A Lithuanian delegation led by Foreign Minister Audronius Ažubalis visited the Georgia Institute of Technology on Friday, September 28, and held a roundtable discussion with the faculty and graduate students from The Sam Nunn School of International Affairs. The event was co-hosted by the Center for European and Transatlantic Studies (CETS) and the Center for International Strategy, Technology, and Policy (CISTP). Senator Sam Nunn joined us to welcome the Lithuanian delegation. Lithuania will be in the international spotlight in the second half of 2013 when it assumes the six-month rotating presidency of the European Union.
The focus of the discussion was on nuclear weapon and energy security issues. Foreign Minister Audronius Ažubalis expressed concerns about Russian tactical nuclear weapons. There have been legal attempts to regulate these tactical nuclear weapons which the Minister warned are both dangerous and can be easily moved around. This poses a security challenge to every nation in NATO and the Foreign Minister argued that measures should be taken to convince Russia to change her policy toward these tactical nuclear weapons.
Lithuania closed its last nuclear power plant at the end of 2009, which had been generating 70% of its electricity. Currently Lithuania imports most of its natural gas from Russia at a price significantly higher than that paid by other EU countries. Such a high energy dependence on Russia is a concern to Lithuania and the country has started building a new nuclear power plant. Lithuania sees the integration into the EU electric grid network and energy market as the key to increasing its energy security. Lithuania’s nuclear energy program has the full support from the European Atomic Energy Community and the country is working with partner European countries to develop its nuclear energy industry.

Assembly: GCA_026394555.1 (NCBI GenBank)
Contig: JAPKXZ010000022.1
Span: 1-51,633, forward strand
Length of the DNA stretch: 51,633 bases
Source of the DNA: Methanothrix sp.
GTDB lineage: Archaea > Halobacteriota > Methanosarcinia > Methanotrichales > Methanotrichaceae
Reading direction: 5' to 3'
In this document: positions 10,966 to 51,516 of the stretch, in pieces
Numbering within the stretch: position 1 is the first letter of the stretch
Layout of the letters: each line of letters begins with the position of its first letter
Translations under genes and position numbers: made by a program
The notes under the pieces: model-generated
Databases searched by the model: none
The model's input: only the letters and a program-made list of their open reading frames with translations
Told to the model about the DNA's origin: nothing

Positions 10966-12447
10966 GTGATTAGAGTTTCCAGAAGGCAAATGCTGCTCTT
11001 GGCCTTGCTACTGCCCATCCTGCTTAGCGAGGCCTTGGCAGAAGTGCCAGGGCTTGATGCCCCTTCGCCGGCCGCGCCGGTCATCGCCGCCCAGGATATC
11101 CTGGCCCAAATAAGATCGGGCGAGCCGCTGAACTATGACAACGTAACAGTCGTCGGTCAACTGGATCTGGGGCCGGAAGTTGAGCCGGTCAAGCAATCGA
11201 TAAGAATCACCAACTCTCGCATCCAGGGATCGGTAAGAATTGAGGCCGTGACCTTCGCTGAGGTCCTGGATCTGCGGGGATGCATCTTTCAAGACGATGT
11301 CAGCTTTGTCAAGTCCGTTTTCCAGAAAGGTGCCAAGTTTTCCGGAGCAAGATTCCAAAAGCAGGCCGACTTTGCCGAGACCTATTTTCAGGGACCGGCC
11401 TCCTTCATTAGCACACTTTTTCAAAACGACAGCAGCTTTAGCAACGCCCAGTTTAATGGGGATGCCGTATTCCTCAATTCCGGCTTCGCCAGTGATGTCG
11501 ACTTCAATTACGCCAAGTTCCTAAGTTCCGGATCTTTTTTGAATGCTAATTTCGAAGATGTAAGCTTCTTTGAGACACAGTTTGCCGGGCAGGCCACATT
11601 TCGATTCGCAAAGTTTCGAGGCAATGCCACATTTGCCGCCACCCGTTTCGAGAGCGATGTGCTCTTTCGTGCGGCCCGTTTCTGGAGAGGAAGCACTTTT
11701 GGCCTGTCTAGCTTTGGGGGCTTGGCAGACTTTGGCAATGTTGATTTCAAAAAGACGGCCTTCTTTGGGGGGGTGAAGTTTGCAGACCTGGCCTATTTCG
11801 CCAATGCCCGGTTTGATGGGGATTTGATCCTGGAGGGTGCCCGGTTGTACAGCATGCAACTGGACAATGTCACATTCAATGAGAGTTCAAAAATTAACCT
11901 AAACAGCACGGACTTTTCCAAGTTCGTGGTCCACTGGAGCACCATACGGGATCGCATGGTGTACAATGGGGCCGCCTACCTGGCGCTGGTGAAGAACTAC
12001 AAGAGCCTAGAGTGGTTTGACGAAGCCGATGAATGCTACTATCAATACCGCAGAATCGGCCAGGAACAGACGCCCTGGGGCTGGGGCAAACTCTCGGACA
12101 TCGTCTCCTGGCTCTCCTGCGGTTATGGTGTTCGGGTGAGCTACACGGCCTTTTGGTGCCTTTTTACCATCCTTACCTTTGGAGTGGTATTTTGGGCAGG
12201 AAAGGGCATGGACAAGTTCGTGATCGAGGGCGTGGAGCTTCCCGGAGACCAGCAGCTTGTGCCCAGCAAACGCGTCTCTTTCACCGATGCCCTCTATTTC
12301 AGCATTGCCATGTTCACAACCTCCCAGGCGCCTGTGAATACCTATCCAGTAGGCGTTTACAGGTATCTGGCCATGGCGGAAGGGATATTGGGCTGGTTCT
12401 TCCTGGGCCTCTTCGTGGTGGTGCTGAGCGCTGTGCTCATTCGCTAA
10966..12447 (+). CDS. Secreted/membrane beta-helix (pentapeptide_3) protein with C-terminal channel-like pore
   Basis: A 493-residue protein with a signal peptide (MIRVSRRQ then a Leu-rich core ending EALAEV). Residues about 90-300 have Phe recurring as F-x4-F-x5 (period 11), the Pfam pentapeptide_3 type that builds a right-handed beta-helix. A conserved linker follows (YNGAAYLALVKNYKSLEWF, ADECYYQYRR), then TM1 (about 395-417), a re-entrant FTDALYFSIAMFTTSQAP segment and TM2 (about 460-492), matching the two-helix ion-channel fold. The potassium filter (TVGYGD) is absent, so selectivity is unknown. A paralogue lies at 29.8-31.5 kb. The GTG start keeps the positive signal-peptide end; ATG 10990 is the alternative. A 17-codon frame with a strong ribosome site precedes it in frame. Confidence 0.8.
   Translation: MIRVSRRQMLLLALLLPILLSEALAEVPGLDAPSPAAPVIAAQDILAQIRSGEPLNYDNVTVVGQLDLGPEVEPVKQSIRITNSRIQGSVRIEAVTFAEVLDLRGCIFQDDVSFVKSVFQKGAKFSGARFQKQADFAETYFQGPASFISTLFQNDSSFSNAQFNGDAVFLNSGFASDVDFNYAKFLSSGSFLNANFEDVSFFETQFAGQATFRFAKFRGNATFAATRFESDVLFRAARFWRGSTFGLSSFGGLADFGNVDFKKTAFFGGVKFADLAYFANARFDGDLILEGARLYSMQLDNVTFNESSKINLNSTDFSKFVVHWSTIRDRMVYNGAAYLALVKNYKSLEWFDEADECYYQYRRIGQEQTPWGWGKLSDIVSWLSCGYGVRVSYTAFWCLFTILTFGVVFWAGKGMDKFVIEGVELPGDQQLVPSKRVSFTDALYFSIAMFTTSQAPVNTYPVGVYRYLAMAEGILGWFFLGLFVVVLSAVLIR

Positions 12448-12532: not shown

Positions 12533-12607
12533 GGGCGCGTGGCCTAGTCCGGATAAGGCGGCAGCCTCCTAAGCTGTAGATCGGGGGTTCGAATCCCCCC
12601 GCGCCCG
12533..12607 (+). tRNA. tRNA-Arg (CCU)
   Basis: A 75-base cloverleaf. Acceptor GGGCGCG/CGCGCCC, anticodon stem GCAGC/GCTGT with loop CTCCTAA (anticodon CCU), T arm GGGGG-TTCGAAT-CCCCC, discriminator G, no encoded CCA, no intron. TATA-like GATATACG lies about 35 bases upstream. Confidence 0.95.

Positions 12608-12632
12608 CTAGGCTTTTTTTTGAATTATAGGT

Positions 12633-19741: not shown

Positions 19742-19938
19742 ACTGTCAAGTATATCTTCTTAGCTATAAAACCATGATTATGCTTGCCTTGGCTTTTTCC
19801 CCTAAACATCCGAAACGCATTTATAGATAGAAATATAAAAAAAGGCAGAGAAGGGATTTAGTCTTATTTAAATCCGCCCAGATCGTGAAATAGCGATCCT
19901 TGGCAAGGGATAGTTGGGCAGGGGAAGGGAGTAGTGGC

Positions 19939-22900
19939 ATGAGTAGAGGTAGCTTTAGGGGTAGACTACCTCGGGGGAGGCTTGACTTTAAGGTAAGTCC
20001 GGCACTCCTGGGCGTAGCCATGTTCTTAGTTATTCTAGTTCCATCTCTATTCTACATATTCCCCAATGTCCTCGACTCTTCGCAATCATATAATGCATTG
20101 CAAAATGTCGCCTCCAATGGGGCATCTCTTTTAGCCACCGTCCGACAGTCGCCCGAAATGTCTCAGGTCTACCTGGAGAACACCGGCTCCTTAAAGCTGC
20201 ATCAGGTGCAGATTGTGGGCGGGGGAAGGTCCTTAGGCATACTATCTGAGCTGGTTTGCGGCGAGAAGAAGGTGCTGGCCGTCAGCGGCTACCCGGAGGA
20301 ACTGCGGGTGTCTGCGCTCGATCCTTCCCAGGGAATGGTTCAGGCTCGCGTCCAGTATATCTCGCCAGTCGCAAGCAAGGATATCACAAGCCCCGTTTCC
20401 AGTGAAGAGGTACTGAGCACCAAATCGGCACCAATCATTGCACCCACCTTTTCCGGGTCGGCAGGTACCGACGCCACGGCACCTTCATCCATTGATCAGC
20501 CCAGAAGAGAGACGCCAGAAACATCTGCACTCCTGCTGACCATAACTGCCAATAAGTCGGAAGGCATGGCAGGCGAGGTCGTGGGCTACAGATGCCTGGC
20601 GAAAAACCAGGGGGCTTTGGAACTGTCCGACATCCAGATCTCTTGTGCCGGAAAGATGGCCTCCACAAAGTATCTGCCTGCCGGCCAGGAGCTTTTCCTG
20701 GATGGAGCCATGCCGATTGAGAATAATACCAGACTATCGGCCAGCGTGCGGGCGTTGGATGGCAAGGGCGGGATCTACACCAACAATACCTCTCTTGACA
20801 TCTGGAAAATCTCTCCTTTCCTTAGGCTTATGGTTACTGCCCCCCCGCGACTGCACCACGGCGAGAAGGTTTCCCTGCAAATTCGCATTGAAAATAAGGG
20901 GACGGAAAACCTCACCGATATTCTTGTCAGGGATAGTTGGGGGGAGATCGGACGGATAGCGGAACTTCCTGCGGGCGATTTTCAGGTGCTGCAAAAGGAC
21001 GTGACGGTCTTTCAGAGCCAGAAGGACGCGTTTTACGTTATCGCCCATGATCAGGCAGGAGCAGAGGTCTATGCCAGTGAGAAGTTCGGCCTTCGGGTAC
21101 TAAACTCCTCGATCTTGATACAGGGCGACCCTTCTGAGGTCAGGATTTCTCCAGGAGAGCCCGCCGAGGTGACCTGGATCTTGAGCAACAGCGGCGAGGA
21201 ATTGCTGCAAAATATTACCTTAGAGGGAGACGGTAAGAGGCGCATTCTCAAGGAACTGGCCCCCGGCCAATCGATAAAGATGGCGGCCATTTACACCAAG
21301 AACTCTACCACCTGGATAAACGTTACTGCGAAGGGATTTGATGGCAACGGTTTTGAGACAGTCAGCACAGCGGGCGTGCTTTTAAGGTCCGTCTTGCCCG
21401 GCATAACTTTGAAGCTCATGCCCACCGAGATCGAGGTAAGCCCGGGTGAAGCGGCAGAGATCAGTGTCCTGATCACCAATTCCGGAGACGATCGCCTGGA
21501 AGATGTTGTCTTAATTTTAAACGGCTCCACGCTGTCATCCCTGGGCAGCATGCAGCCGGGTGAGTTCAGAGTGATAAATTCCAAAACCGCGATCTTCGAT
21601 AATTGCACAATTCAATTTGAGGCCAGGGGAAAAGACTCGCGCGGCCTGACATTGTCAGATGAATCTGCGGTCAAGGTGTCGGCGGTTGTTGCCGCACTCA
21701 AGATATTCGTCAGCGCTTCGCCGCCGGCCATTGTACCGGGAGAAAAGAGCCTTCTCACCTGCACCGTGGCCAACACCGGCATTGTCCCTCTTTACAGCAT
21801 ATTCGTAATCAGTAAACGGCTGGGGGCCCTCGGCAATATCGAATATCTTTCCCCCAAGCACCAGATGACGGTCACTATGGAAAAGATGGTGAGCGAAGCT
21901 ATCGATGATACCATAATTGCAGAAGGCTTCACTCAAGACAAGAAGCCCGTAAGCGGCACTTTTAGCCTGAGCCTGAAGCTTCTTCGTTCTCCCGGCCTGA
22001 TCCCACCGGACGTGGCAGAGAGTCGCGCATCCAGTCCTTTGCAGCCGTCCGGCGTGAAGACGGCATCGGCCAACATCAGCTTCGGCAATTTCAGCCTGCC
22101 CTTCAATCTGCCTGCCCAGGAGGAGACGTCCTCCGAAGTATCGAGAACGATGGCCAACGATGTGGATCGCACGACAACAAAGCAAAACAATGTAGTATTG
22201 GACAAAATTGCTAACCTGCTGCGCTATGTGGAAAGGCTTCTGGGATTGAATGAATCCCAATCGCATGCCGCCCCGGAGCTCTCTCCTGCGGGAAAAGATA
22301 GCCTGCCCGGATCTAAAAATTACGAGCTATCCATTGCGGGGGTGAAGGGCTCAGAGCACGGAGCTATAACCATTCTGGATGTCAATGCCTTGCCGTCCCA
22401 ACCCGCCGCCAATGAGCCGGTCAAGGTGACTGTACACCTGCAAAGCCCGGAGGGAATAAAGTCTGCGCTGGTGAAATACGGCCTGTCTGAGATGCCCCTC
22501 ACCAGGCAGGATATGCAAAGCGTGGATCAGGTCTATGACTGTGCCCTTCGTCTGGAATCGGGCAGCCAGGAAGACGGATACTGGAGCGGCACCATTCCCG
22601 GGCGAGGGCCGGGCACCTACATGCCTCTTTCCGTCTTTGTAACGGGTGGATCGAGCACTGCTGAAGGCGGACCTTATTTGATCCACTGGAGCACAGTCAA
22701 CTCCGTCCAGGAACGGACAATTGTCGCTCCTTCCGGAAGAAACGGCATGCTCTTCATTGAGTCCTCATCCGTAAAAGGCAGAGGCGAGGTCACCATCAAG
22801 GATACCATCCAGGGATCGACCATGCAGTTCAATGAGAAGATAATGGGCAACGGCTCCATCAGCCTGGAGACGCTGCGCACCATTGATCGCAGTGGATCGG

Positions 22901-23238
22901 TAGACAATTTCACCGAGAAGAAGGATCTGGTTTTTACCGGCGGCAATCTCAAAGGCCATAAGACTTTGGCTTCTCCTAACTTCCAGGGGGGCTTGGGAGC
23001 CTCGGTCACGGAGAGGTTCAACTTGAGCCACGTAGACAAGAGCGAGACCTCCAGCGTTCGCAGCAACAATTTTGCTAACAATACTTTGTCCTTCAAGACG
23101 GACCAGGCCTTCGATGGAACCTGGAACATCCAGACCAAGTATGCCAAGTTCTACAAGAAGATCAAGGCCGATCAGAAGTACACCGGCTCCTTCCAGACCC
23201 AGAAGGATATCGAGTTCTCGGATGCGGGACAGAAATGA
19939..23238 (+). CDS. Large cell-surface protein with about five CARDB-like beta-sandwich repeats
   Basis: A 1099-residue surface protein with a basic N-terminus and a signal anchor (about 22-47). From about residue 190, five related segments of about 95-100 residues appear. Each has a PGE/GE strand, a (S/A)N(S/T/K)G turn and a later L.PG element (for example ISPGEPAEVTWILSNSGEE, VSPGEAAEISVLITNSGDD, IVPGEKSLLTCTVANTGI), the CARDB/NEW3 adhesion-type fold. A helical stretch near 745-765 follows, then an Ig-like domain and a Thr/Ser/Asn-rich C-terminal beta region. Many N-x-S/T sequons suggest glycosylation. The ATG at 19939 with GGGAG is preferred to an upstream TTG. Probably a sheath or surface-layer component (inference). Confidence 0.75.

Lithuania also pays special attention to nuclear safety and security. With help from the United States it is starting a nuclear security center to fight nuclear trafficking and smuggling. Lithuania is concerned about the safety and security of nuclear power plants in neighboring countries such as Russia who shares very little information about their nuclear safety and security measures.
The Foreign Minister was very interested in Georgia Tech’s research in cybersecurity and the NSF Scholarship for Service (SfS) program that trains the next generation of cybersecurity experts. He said last week Lithuania’s cybersecurity czar visited the US. The Foreign Minister invited Georgia Tech researchers and students to visit Lithuania to learn about Lithuania’s extensive planning to secure their economy from cyber-threats. A number of major global companies have recently decided to locate their call and data centers in Lithuania, decisions in part motivated the companies say by what Lithuania has done to build a resilient cyber infrastructure.